Getting the right partner is essential to help with both the planning and implementation of your smart manufacturing strategy. The qualities you should look for in a smart manufacturing partner include:

  • Expertise in the life sciences sector as well as specific pharmaceutical and/or medical device industry experience.
  • Broad range of technology expertise.
  • A proven track record of delivering smart manufacturing projects in the pharmaceutical and medical device industries.
  • Established expertise in the essential aspects of smart manufacturing projects, including change management, project management, equipment systems integration, and ongoing support.

Step 3 – Assess Digital Maturity

The roadmap to smart manufacturing success will depend on your existing situation. Therefore, assessing your current levels of digital maturity is essential. Elements to analyze include:

  • OT (operational technology) and IT infrastructure
  • Current processes and workflows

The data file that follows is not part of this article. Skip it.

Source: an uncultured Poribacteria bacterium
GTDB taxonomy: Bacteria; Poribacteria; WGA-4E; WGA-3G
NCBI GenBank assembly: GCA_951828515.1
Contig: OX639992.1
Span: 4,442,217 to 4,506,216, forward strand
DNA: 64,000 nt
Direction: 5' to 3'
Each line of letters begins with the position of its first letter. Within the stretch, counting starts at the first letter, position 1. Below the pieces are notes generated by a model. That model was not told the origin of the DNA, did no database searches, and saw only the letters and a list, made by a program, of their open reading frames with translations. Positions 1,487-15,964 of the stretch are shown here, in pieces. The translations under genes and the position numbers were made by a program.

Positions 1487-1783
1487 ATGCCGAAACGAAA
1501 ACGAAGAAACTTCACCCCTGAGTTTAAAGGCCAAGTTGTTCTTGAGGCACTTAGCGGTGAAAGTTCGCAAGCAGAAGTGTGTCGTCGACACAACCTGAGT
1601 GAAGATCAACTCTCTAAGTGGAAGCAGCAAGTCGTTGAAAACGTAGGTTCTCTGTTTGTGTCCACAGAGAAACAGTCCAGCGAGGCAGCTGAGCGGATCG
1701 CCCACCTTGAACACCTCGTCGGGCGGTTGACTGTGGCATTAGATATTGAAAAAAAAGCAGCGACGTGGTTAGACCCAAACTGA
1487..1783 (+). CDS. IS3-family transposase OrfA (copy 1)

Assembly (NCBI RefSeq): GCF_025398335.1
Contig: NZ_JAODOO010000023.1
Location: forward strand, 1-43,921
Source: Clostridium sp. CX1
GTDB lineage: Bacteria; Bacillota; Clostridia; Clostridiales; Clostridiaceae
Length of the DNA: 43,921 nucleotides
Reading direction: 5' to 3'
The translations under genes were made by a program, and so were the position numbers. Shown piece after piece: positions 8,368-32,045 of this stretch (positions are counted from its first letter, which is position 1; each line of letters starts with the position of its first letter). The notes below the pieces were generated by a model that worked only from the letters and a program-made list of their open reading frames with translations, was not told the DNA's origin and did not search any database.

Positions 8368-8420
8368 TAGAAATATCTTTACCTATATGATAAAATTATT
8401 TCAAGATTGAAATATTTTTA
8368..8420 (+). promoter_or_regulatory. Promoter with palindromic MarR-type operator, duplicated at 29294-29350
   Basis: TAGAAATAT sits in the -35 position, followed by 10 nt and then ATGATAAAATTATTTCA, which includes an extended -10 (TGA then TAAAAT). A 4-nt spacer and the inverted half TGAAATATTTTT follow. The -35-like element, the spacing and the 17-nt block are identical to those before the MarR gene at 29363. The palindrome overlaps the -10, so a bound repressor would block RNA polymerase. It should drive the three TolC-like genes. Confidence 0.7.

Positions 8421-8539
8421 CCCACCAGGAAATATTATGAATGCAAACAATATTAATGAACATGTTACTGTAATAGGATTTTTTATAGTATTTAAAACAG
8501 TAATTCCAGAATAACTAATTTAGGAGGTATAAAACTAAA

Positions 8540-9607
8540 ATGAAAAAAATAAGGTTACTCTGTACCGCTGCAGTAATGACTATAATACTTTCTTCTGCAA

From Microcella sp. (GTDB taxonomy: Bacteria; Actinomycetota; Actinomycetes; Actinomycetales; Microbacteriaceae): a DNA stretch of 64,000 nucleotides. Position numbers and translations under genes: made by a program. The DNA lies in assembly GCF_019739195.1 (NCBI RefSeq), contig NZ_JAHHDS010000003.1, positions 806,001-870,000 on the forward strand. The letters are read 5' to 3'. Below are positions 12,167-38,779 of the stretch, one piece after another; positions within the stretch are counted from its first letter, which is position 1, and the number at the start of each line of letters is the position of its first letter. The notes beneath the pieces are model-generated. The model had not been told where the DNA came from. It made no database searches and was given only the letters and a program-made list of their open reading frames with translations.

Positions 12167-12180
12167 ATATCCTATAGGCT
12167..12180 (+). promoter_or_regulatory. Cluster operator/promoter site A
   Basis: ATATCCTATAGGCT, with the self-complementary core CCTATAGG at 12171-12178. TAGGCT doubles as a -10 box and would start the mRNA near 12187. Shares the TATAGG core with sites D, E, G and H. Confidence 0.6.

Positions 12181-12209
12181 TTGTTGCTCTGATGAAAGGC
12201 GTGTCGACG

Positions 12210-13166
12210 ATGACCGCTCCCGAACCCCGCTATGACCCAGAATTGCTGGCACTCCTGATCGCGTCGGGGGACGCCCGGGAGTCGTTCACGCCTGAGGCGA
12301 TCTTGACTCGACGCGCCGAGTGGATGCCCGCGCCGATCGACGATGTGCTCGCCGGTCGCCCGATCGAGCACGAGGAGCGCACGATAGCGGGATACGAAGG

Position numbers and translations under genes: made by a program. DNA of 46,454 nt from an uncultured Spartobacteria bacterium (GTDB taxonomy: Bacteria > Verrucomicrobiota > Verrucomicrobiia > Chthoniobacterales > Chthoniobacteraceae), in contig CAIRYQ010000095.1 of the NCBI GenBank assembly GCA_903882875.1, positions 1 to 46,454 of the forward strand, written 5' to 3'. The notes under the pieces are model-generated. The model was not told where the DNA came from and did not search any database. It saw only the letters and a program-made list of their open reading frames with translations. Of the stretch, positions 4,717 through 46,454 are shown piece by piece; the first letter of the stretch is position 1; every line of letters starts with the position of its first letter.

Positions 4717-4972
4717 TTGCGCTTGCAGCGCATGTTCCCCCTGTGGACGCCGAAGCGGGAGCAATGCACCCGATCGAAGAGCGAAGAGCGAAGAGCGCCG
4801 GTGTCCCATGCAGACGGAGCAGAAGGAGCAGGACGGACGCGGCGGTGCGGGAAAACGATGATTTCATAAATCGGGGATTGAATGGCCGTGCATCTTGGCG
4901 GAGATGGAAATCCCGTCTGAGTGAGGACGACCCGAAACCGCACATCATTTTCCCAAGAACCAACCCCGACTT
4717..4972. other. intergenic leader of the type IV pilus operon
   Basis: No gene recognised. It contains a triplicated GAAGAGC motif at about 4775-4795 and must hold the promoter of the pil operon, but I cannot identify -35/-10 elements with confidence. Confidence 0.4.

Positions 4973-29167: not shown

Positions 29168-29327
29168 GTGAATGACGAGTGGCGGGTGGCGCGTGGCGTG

• Existing resources and skills, as well as resource and skills challenges
  • Technology platforms, applications, and systems
  • Production line equipment

Step 4 – Identify Challenges

Identifying the specific challenges faced by your organization is also essential, as it allows the project management and implementation team to put in place mitigation measures and/or solutions. Challenges can be caused by a range of factors:

  • Organisational
  • Cultural
  • Resources and skills
  • Technology
  • Financial

Step 5 – Define the Implementation Roadmap

This is the point where you decide on the next phase of development before implementing the project. Common steps include:

  • Identify suitable project/s.
  • Make sure your plans are in alignment with business objectives and adjacent projects.
  • Create a business case and get organizational buy-in.
  • Develop and implement a project implementation strategy, including technical and functional plans.

Taking the Next Steps

Delaying the next phase of your smart manufacturing journey will only set you further behind. The best approach is to start implementing the above strategy now to ensure your manufacturing operations evolve in step with the ongoing changes in the industry.

You don’t need to have all the answers, and you don’t even know what projects to undertake next. Looking at your business objectives and engaging a suitable partner will give you the answers you need while also ensuring you are on the path to success.